Not saying this isn't true but how different is it really compared to average household in decades gone by? Most people I knew had the same old cabinet style stereo for years, stacked up a bunch of records for playback, and were usually doing something else while the music was playing. The main activity in improving sound was replacing a broken needle.Tonybro wrote: ↑22 Oct 2019 09:55I'm going to be facetious now and say, the masses, especially the young masses, just want to isolate themselves from their surroundings and will have any old noise going at it so they can facebook, snapchat, instagram to their hearts content.
Young people particularly have no comprehension of the potential quality of playback systems and sources - even digital. They'll just consume in whatever form/quality it is delivered. Variety in and of music is dying because of it. There is a link somewhere on here pointing to academic studies indicating as such due to the lack of originality in current music.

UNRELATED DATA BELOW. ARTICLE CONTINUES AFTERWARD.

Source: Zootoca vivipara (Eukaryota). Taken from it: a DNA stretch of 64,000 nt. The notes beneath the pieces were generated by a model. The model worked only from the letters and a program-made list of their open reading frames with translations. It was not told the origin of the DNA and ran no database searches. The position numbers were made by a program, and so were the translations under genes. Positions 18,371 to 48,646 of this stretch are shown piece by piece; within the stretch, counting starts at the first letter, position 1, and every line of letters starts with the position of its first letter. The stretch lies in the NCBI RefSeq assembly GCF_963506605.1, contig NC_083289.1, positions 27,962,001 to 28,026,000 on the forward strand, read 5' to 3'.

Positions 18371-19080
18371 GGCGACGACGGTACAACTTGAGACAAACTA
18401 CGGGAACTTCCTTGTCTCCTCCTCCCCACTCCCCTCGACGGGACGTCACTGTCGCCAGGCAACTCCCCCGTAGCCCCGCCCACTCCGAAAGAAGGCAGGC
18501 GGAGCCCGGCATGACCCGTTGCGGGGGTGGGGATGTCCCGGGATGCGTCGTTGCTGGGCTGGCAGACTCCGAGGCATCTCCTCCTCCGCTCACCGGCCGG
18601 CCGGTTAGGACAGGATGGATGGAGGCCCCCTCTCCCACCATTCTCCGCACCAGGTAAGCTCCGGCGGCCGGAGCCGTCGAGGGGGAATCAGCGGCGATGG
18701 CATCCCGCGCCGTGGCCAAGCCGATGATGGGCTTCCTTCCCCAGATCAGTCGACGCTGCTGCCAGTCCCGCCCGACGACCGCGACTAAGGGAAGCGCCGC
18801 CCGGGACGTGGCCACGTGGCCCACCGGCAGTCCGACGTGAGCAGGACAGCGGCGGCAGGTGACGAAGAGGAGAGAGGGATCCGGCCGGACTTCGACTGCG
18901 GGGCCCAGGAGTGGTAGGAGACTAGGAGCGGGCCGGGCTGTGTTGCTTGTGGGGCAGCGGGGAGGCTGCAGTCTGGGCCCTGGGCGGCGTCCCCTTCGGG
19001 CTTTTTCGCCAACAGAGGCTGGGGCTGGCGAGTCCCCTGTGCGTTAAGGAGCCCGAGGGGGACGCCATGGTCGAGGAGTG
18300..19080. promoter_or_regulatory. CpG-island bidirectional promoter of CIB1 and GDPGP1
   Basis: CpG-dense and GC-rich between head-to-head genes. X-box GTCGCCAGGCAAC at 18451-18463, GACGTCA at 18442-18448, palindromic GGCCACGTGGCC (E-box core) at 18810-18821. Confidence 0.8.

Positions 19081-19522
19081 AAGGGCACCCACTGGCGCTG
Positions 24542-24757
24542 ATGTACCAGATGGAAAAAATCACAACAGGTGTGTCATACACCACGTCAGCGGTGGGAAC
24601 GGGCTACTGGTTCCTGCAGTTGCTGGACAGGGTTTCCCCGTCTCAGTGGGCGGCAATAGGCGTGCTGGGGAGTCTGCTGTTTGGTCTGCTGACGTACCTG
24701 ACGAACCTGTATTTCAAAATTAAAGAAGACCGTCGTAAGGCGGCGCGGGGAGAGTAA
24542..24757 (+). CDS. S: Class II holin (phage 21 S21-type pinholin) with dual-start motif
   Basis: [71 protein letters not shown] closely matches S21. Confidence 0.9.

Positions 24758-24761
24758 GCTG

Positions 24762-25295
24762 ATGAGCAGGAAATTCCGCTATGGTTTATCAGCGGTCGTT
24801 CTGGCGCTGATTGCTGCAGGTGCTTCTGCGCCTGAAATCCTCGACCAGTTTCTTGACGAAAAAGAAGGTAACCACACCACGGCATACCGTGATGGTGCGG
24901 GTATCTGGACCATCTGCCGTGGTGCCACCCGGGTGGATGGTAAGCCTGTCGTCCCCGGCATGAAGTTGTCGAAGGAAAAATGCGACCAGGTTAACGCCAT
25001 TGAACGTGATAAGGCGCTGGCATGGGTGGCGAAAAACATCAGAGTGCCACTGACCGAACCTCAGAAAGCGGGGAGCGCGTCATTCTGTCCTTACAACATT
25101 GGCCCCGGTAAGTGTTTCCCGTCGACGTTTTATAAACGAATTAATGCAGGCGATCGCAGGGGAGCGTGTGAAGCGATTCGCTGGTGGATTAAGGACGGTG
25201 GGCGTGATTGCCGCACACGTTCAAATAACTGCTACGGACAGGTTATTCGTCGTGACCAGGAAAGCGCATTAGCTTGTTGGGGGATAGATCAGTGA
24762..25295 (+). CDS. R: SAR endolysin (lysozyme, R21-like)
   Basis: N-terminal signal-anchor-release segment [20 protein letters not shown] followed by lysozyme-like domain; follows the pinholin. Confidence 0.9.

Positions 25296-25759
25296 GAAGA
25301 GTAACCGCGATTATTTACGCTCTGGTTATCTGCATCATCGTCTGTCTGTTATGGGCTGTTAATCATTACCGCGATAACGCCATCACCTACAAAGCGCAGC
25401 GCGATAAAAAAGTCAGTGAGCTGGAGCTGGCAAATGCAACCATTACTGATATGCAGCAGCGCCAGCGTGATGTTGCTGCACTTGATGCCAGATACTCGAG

Kids were lucky to have some hand me downs, or maybe a boom-box that dad pulled out from behind the couch on Christmas day. The appreciation of music was primarily what ever the radio fed you. Kids got older and talked on the phone - a lot.
I personally think modern access is pretty amazing, and there are lots of musicians out there trying to be original which only gets a bit tougher. My kids have introduced me to new stuff and likewise I've shared some old. And honestly, I can't think of a kid who wouldn't appreciate a nice stereo system. On the flip side, not to many adults have even had the experience of sitting down to hear what high-end 2 channel playback can even do.
Also- there is always crappy music around and gems in-between. I can imagine a personal hell where I have to buy and listen to every left over record at the local Goodwill for ever and ever.